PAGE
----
Whitby is a key location in the novel. Mina and her friend Lucy reside there while Mina’s fiancée Jonathan is in Transylvania dealing with the Count’s legal and financial matters and is where Mina first learns of the local legends and superstitions surrounding vampires. The famous 99 steps up to the 11th-century abbey are featured as part of the walk Mina embarks upon almost every day. Whitby is also where Dracula first steps foot in England. The Demeter, the ship Dracula travels to England on, runs aground in Whitby after Dracula murders its crew. The Count’s first victim in Whitby is a man named Swales, and visitors to Whitby can see the real-life grave of a man named Swales in the graveyard beside St. Mary’s Church.
Whitby is not only gothically picturesque, but it also offers The Dracula Experience, “a unique tour through the Dracula story and the connection to Whitby. Using animated scenes, electronic special effects and live actors”.
Dracula Tourism: London, England
The Lyceum Theatre
Dating back to the late 1700s, the Lyceum Theatre was where Bram Stoker worked for 27 years. He was the manager of renowned stage actor Sir Henry Irving (the first actor to be knighted by the royal family), with whom Stoker formed a lifelong friendship, and was appointed the Business Manager of the theatre when Irving took over as Theatre Manager. Located in Covent Garden, this beautiful theatre was where Stoker wrote a great deal of Dracula and watching Irving perform on stage here was inspired Stoker’s dramatic characterization of The Count.
The Lyceum Theatre remains open today as one of London’s most prominent and important theatres. Not only is it a crucial part of the creation of Dracula, but it has also hosted countless famous faces over the centuries, including The Rolling Stones, Prince, and Queen.
An interesting note for horror fans too is that Edgar Allan Poe’s maternal grandparents performed here during their acting careers.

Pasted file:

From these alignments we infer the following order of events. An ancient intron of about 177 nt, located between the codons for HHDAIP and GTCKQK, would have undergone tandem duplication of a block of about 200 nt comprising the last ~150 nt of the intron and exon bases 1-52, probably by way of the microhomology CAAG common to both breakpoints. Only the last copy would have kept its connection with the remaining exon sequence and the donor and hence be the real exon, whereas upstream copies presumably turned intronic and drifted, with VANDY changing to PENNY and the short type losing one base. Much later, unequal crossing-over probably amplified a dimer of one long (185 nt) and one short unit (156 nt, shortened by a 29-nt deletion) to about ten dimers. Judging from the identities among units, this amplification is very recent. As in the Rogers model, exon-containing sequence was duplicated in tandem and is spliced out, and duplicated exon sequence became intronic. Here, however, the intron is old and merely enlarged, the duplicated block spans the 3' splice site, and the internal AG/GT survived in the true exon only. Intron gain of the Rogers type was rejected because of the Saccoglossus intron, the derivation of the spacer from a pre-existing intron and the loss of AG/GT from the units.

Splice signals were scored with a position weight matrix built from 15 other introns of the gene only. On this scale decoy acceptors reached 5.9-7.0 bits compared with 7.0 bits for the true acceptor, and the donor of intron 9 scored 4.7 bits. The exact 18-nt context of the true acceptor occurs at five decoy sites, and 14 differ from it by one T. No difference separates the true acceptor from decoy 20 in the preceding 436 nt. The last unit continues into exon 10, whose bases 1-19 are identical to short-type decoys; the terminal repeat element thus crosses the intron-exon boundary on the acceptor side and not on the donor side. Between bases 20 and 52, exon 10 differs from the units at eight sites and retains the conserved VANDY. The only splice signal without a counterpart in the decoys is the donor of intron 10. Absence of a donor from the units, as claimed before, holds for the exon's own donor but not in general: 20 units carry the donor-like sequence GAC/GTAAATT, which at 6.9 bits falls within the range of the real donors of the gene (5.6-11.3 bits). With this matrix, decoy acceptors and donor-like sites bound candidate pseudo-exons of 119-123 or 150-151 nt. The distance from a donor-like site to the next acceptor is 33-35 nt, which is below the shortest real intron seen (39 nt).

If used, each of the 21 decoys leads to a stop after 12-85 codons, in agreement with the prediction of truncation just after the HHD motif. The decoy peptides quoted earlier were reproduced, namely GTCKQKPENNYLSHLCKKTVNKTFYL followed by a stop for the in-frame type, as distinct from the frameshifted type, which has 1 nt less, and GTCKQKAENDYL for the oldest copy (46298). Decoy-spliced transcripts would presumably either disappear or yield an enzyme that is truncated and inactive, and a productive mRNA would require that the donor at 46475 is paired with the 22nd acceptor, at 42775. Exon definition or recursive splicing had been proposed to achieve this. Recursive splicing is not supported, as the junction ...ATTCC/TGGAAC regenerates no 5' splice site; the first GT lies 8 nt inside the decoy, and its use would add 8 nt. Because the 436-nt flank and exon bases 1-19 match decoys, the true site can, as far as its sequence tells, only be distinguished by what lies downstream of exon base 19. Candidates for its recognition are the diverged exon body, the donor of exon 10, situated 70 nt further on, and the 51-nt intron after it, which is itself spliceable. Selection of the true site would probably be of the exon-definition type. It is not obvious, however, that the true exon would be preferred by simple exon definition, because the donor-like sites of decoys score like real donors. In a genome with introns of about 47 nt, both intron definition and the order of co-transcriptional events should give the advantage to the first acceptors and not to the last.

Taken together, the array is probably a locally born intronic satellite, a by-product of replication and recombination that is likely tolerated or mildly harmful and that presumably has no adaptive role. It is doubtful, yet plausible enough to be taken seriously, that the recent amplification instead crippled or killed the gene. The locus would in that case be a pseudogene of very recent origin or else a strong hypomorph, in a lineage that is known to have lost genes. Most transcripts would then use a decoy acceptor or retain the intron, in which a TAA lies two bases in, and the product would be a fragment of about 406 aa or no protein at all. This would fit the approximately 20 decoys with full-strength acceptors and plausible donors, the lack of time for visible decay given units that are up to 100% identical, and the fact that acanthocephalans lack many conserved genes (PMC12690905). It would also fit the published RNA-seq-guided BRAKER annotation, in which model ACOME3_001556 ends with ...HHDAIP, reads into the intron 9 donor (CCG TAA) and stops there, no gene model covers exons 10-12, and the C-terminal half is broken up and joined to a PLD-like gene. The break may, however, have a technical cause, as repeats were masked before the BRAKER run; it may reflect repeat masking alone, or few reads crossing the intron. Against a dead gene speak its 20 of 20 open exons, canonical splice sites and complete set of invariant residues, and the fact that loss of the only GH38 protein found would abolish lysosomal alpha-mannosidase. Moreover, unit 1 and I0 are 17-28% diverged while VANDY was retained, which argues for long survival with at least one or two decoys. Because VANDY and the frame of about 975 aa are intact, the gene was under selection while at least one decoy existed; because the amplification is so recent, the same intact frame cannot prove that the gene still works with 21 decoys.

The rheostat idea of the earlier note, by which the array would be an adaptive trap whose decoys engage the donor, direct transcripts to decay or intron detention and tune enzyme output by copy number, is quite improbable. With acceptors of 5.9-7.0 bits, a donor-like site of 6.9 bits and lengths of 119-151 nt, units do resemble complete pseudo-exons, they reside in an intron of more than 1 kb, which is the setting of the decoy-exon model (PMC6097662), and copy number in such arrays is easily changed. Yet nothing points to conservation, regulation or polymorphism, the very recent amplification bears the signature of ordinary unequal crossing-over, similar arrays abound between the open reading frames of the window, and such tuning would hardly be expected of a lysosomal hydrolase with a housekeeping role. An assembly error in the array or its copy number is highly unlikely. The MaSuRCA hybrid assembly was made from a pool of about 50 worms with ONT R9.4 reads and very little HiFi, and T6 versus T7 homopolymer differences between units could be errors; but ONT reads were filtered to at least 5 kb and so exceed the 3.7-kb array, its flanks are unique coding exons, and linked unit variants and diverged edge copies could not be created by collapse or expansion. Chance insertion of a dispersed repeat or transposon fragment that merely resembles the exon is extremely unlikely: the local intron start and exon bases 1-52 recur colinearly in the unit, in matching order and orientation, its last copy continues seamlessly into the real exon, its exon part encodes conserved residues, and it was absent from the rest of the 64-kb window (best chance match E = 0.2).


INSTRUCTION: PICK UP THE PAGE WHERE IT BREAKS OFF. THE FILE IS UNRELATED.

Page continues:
Golders Green Crematorium
Bram Stoker’s final resting place is Golders Green Crematorium and Mausoleum in London. Established in 1902, it is one of the oldest crematoriums in Britain, is secular and therefore accepts people of any or no religious beliefs, and is home to the remains of many famous faces including psychoanalyst Sigmund Freud, children’s author Enid Blyton, and German silent film star, and inspiration for DC Comics’ Joker, Conrad Veidt.
Stoker published many works before and after Dracula, including The Snake’s Pass and The Lair of the White Worm. He passed away on 20th April 1912, the exact cause of his death unclear; some historians believe it was syphilis, a common illness in Victorian Britain, others believe it was a combination of overwork and the damage already done by previous strokes. His ashes are entombed with his son Irving Noel, who passed away in 1961.
Dracula Tourism: Dublin, Ireland
Trinity College is a constituent college of the University of Dublin, a research university in Dublin. It was established in 1592 and remains one of the most famous and prestigious universities in Ireland. It is renowned for its beautiful Georgian architecture and its library, which houses around 7 million printed volumes and manuscripts, including the renowned Book of Kells, which was sent to the college in 1661 for protection after the raids on religious institutions were committed during the reign of Oliver Cromwell. The library also has a rare copy of the 1916 Proclamation of the Irish Republic and a 15th-century wooden harp, which is the model for the contemporary symbol of Ireland.
It was here where Bram Stoker achieved his Bachelor’s and Masters degrees. Stoker excelled in sports, particularly rowing, he was president of the University Philosophical Society, where his first paper was on Sensationalism in Fiction and Society, and he was the auditor of the College Historical Society (the Hist).
Dublin Castle dates back to the 11th century during the reign of King John, the first lord of Ireland, and is one of Dublin’s most historically significant buildings. It was used as a fortification for the Norman settlers of Ireland, as a residence for the Viceroy of Ireland, the representative of the Monarch, has been used as courts. The castle has changed hands over the centuries, depending on whether Ireland was under Irish or British rule, but it has always been a site for government administration.
Before becoming a writer, Bram Stoker followed his father’s footsteps into the civil service, with Dublin Castle serving as his place of work. Disillusioned with the monotony of governmental work, Stoker volunteered as the theatre critic for the Dublin Evening Mail, which was co-owned by Sheridan Le Fanu, a fellow Irishman who penned famous gothic tales including the lesbian vampire novel Carmilla. From then on, Stoker knew what he wanted to do: write.
Bram Stoker was born in Clontarf, a small coastal suburb in North Dublin. A sickly child, Stoker spent the first seven years of his life bedbound. His mother Charlotte would amuse him with ghostly tales and stories of ancient Irish mythology, which most literary scholars agree cemented a love of storytelling in young Stoker for the rest of his life.
Clontarf has embraced its role in gothic literary history by paying homage to Stoker. Visitors can stay at the Bram Stoker hotel, visit Stoker’s childhood home in Marino Crescent, and indulge in the Castle Dracula Experience.